CARACAS, Venezuela: President Nicolas Maduro is not on the ballot for Sunday’s election in Venezuela and governors and winners of local races are unlikely to go beyond the borders of his country. But regional elections could play a key role in determining whether the South American country can find a way out of its years of political impasse.
The stakes for local competitions were raised when earlier this year the main opposition parties agreed to participate for the first time since 2017, a decision that came amid now-suspended talks between the government and opponents. Venezuelan officials agreed at the same time to the presence of independent international observers, including the European Union, a long-standing demand of opponents of the socialist government.
Now, the electoral authorities and the system they oversee will be tested years later, including their decisions to disqualify parties and some of the most popular opposition candidates. More than 21 million Venezuelans are eligible to vote in more than 3,000 contests, including 23 governorships and 335 mayorships. Over 70,000 candidates entered the race.
The elections are incredibly important because they represent a time when the opposition has agreed to participate, albeit divided over the value of doing so, said Cynthia Aronson, director of the Latin American program at the Wilson Center in Washington. It represents evidence of an incremental step towards electoral participation.
Opposition parties have grouped in a so-called unitary platform and boycotted previous elections led by Juan Guede, in which Maduro was re-elected as president in May 2018, arguing that the conditions of free and fair competition in Venezuela were violated. There is a lack. However, some smaller opposition organizations opposed and participated in the boycott, as some did in the 2020 legislative elections last year, despite the boycott being supported by Guad.
The US and other countries have withdrawn their recognition of Maduro after accusing him of rigging his recent re-election as president. In his place, he recognized Guad, the head of the then opposition-dominated Congress. But domestic and international support for Guaid has faded, and less than 10 of the more than 60 countries that once recognized Guaid’s self-declared government still maintain that recognition.
Sunday’s election could mark the emergence of new opposition leaders, bolstering coalitions and drawing lines followed by Maduros opponents, who have been marred by internal fractures in these elections, which often lead to heirs from power. Therein lies their frustration at not being able to knock. Late President Hugo Chavez.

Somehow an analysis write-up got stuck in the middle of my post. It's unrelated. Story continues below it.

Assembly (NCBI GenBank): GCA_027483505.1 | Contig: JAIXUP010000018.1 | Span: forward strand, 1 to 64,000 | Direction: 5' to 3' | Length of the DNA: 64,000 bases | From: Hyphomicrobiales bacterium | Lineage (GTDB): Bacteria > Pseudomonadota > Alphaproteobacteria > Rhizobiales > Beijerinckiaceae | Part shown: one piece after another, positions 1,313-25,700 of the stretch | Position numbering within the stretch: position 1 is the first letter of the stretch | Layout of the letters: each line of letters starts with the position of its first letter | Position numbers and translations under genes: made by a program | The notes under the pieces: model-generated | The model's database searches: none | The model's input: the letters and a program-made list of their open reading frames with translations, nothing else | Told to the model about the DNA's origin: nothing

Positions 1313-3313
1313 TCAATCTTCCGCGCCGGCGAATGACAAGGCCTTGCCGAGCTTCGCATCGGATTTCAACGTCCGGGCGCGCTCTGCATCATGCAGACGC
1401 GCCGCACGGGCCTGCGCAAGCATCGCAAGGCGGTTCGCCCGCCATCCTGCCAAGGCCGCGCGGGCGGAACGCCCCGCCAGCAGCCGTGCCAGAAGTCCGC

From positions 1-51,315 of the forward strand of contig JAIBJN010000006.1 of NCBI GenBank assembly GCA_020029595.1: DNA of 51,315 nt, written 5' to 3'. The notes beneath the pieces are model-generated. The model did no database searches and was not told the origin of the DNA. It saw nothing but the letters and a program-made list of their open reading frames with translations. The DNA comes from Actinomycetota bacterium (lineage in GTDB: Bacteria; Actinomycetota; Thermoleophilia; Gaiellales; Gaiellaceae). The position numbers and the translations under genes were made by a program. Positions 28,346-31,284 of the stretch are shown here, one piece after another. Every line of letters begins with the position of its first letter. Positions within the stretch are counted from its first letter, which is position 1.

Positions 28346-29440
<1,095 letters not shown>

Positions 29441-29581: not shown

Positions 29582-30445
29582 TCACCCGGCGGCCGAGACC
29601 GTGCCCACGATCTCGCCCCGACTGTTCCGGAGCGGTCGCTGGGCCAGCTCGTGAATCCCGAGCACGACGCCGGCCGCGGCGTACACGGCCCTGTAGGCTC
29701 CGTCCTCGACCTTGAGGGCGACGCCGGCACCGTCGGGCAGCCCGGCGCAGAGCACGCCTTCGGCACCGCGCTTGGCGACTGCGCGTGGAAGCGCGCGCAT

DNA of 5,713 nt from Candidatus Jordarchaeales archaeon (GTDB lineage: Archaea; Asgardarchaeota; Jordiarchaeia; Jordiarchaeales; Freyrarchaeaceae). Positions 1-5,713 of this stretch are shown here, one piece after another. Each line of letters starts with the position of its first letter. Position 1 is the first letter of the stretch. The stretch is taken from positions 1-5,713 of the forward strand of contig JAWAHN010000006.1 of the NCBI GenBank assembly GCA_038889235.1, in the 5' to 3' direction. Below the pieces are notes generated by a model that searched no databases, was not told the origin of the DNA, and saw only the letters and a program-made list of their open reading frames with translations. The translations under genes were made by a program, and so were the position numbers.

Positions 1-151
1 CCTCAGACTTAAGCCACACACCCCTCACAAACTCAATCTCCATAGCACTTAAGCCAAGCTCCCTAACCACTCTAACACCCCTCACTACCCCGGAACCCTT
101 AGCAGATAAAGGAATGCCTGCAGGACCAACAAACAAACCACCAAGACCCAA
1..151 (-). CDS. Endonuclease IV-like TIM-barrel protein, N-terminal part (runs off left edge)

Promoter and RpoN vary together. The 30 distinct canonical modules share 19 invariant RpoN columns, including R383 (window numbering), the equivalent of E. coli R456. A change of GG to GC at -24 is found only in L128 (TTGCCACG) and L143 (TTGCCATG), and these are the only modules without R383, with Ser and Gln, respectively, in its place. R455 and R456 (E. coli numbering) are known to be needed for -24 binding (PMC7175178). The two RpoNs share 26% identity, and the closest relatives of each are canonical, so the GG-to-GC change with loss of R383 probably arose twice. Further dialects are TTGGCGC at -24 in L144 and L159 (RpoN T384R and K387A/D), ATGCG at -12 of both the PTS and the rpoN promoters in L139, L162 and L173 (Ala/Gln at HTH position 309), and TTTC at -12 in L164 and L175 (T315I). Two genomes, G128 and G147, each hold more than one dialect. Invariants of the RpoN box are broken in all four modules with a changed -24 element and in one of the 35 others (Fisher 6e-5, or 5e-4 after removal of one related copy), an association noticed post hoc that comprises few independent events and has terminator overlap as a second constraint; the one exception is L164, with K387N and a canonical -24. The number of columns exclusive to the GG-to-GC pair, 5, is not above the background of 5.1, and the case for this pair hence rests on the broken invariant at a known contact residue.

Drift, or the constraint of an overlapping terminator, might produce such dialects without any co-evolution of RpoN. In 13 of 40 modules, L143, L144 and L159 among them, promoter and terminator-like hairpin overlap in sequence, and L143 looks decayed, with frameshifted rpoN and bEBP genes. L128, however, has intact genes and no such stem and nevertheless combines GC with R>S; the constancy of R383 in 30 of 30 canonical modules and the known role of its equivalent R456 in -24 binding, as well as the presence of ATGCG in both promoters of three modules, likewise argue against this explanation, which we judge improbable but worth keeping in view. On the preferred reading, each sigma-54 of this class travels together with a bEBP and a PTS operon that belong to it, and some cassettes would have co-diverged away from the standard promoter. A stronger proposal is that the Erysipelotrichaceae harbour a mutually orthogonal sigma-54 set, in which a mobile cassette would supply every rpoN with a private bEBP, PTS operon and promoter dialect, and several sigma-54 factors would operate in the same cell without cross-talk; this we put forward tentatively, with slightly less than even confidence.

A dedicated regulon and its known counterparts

More than 130 EU delegates will fan out across Venezuela to observe election conditions such as fairness, media access, campaign activities and candidates’ disqualification. He is expected to release a preliminary report early next week and an in-depth look next year.
It is the first time in 15 years that an EU observer is in Venezuela. In previous elections, foreign observation was compulsorily carried out by multilateral and regional electoral organizations close to the Venezuelan executive.
We’re going to describe what we’ve seen, we’re going to make recommendations for elections based on international principles, and we don’t think in any way that we’re legalizing or illegalizing (elections), Xabier Meilen, Deputy Chief Observer said of the EU Election Observation Mission.
The ruling party and opposition agreed to invite election observers before suspending their talks in Mexico City last month after a key Maduro ally was extradited to the US.
Many doubt the impartiality of the National Electoral Council, alleging that it sets up conditions detrimental to the opposition. In an effort to preserve Venezuela’s confidence in the elections, the council was redesignated until the election.
In May, the National Assembly, now with a pro-Maduro majority, appointed two well-known opponents as members of the council’s leadership, including an activist imprisoned on charges of participating in actions to destabilize the government. it was done. It is the first time since 2005 that the five-member electoral body of Venezuela’s opposition has more than one member on its board.
The leadership change was also seen as part of a series of measures adopted by the Maduros government to seek better relations with the Biden administration.
Voter Maria Valera, 78, lives in a low-income neighborhood in the capital of Caracas. There is often no electricity in her house and she gets water service only once a week. She blames Maduro’s government for the poor quality of life she and her neighbors face every day.
Valera said that she has been on the side of the opposition all her life and attends every rally to show her support. He is excited for Sunday’s election, but over the years he has lost faith in the system.
Voting does not get rid of dictatorship, Valera said. I don’t stay at home, I have to go out because if we all went out and if we all stood together in one protest, this guy would be gone.
Associated Press writers Jorge Rueda and Juan Pablo Arrez in Caracas, Venezuela contributed to this report.
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